No-Growth Rebellion Grips a Once-Quiet City

Times Staff Writer

Just about a year ago, members of the San Gabriel City Council were boasting that, because of their grasp of municipal issues, they could breeze through one of their twice-a-month meetings in 30 minutes flat, without skipping a single line of the city budget or stumbling over the tiniest item in a city contract. "We do our homework," said Mayor Janis Cohen.

Those days may be gone forever. Recent council meetings have been drawn-out affairs in which disgruntled residents have tangled with city officials about condominium developments and shopping centers.

This once-quiet city of tidy one-family homes and sprawling commercial strips is suddenly in the throes of one of the San Gabriel Valley's hottest anti-growth rebellions.

"Money talks, and it's talking real loud around here right now," longtime San Gabriel resident Virginia Timmons said the other day as she clipped the greenery in front of her house on Walnut Street, expressing a common perception of what is happening to the community.

Bleak Picture

Old-timers, many of whom have joined a group called Citizens for Responsible Development, paint a bleak picture of recent trends in their city, including "reckless" full-speed-ahead condominium development, traffic jams, overburdened city services and "indifference" to it all on the part of city government.

The citizens group has forced a ballot referendum on a controversial proposal to build a hotel complex on Valley Boulevard, initiated a petition drive for a one-year moratorium on all development and jammed council meetings with hundreds of angry homeowners.

"In just six months, we've developed a membership of 500 people," said John Tapp, a local accountant and one of the group's leaders.

City officials respond ruefully to all of this. They say they have done what they could to control the rush to build in San Gabriel, acknowledging that in some cases they "didn't like what we saw" in the new construction.

But they argue that the protesters' understanding of city problems is often simplistic and laced with racist opposition to new groups moving into town, especially Asians.

"I was pretty overwhelmed by some of the correspondence we've been receiving (about Asians)," said Mayor Cohen. "It was very, very strong stuff."

Three members of the citizens group took a quick tour of the city on Wednesday, shaking their heads at the pace of change and bemoaning what they perceived as the decline of their neighborhoods.

Jammed Parks

"San Gabriel used to be a dream come true," said Mary Cammarano, who moved to San Gabriel from Buffalo, N.Y., 23 years ago. "It was a place where my kids could ride freely on their bicycles. There was so much room."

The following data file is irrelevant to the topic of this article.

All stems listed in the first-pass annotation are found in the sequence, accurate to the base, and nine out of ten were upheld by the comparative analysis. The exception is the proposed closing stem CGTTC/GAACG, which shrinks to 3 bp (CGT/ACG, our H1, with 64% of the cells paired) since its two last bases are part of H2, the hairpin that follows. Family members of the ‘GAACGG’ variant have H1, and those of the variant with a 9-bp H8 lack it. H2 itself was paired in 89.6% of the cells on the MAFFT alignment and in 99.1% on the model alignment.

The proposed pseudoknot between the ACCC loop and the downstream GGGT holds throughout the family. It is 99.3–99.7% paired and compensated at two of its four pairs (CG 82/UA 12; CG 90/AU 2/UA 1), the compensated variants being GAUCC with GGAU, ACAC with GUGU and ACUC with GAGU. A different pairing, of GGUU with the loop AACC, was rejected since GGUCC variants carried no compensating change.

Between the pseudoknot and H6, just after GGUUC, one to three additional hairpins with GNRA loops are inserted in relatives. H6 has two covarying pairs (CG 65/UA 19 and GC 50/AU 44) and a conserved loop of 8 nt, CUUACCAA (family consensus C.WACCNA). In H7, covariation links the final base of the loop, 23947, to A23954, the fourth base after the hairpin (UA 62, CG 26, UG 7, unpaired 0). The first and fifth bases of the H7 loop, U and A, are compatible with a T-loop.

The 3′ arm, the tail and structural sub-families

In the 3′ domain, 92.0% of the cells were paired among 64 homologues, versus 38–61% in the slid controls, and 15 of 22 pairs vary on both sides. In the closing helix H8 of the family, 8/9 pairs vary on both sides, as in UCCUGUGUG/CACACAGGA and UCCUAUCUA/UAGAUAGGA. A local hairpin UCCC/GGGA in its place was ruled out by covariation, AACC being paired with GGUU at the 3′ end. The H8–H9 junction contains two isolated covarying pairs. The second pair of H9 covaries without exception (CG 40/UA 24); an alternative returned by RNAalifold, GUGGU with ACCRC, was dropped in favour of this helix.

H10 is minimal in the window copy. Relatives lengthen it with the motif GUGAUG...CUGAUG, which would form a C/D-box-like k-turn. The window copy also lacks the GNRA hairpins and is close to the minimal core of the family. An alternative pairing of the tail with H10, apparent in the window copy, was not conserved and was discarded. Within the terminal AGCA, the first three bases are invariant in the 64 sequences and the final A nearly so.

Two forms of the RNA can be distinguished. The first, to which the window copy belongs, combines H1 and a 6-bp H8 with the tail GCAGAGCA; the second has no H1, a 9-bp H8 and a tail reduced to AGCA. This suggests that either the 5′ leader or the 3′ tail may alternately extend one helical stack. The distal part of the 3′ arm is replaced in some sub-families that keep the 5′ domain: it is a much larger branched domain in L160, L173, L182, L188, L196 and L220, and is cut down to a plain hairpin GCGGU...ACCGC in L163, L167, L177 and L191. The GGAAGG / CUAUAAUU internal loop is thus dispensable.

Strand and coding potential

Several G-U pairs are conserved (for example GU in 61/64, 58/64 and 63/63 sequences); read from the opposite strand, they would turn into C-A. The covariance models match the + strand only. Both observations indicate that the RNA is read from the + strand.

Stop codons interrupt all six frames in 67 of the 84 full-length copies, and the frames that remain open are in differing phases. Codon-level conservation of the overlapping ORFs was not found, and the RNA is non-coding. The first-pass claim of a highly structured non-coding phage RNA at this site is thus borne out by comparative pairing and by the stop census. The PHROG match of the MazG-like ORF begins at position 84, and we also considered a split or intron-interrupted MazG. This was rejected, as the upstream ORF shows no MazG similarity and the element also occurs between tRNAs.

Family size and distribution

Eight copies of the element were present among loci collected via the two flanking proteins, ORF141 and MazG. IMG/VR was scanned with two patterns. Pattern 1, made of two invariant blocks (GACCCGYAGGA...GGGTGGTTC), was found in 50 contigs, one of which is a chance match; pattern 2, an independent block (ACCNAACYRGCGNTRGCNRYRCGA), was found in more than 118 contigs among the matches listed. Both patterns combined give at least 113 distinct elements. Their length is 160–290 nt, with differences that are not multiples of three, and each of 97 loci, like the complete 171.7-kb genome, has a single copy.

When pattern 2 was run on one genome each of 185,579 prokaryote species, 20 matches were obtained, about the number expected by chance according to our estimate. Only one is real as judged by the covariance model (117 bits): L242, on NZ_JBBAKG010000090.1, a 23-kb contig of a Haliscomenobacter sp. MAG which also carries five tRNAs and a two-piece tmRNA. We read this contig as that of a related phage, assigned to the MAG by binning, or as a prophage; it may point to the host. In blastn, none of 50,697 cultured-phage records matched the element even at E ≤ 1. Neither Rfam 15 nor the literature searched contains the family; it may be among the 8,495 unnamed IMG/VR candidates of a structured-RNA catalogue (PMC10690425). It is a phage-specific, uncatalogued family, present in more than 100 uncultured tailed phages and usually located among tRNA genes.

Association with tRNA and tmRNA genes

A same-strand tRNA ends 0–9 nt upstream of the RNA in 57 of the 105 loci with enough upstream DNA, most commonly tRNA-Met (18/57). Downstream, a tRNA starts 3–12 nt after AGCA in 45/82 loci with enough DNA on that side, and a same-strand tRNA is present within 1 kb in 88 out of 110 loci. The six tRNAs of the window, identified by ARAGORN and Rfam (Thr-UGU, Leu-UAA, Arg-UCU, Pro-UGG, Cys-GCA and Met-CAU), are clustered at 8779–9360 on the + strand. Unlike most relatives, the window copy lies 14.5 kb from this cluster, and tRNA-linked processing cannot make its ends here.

She gazed dolorously at Municipal Park, one of the city's two frequently jammed parks. "Last Sunday, we tried to bring the grandchildren here to play," she said. "It was a disaster. We couldn't find any place to park. We went back home to play in the yard."

Added Greg O'Sullivan, a San Gabriel firefighter and chairman of the organization: "There's a lot of cement, a lot of development around here, but no parks for kids."

San Gabriel is a blink-and-you'll-miss-it city of about 33,000, tucked among Alhambra, Rosemead and San Marino. Where Valley Boulevard, one of its prime commercial strips, crosses the southern end of town, San Gabriel is just 15 blocks wide. There is a core of fourth- and fifth-generation Mexican-Americans, a burgeoning Asian population and a majority of Caucasians, including the "upscale" people in spacious homes around the San Gabriel Country Club, near the San Marino city line.

Joked one resident of the southern part of town: "Some of the people up there prefer to think of themselves as 'South San Marinans.' "

The city's main claim to fame is San Gabriel Mission, an imposing historic monument on Mission Drive, with an elegant adobe facade and six church bells, built in 1771 by Father Junipero Serra. The city has mandated "early California" style in other structures along Mission Drive.

According to city officials, the population is probably about 35% Latino now, as much as 15% Asian and the remainder quiet-loving, largely conservative whites, living for the most part in cozy one-family homes. The fastest-growing group, they add, is made up of Asians, who are moving into many of the new multi-unit buildings.

That's the problem, say members of Citizens for Responsible Development. More than 900 apartments or condominiums have been built in the city in the past four years, they say, and the southern part of the city bristles with construction sites, including a 142-unit apartment complex about to go up on the former site of Valley Vista Hospital at the corner of Broadway and Del Mar Avenue.

"This project," contended O'Sullivan, "will have the single greatest impact on the city of any project since horse-and-buggy days."

For the most part, they say, the new buildings are cheaply constructed, with little attempt at landscaping, and jammed crudely against single-family plots, frequently blocking mountain vistas with 10-foot cinder-block walls.

"There are no common areas, no places for kids to play," said Tapp, pointing at a 34-unit structure on Live Oak Avenue, which he said was built last summer in 39 days. The building is little more than two rows of apartments with a driveway between them.

City Administrator Robert Clute acknowledges that the quality of some new condominiums and apartments has been low. The city responded this year by imposing tight restrictions on multi-unit buildings, including landscaping and setback requirements and limits on the number of units that can be built.

'Wanted to Upgrade'

"We didn't like what we saw, and we wanted to upgrade things," Clute said.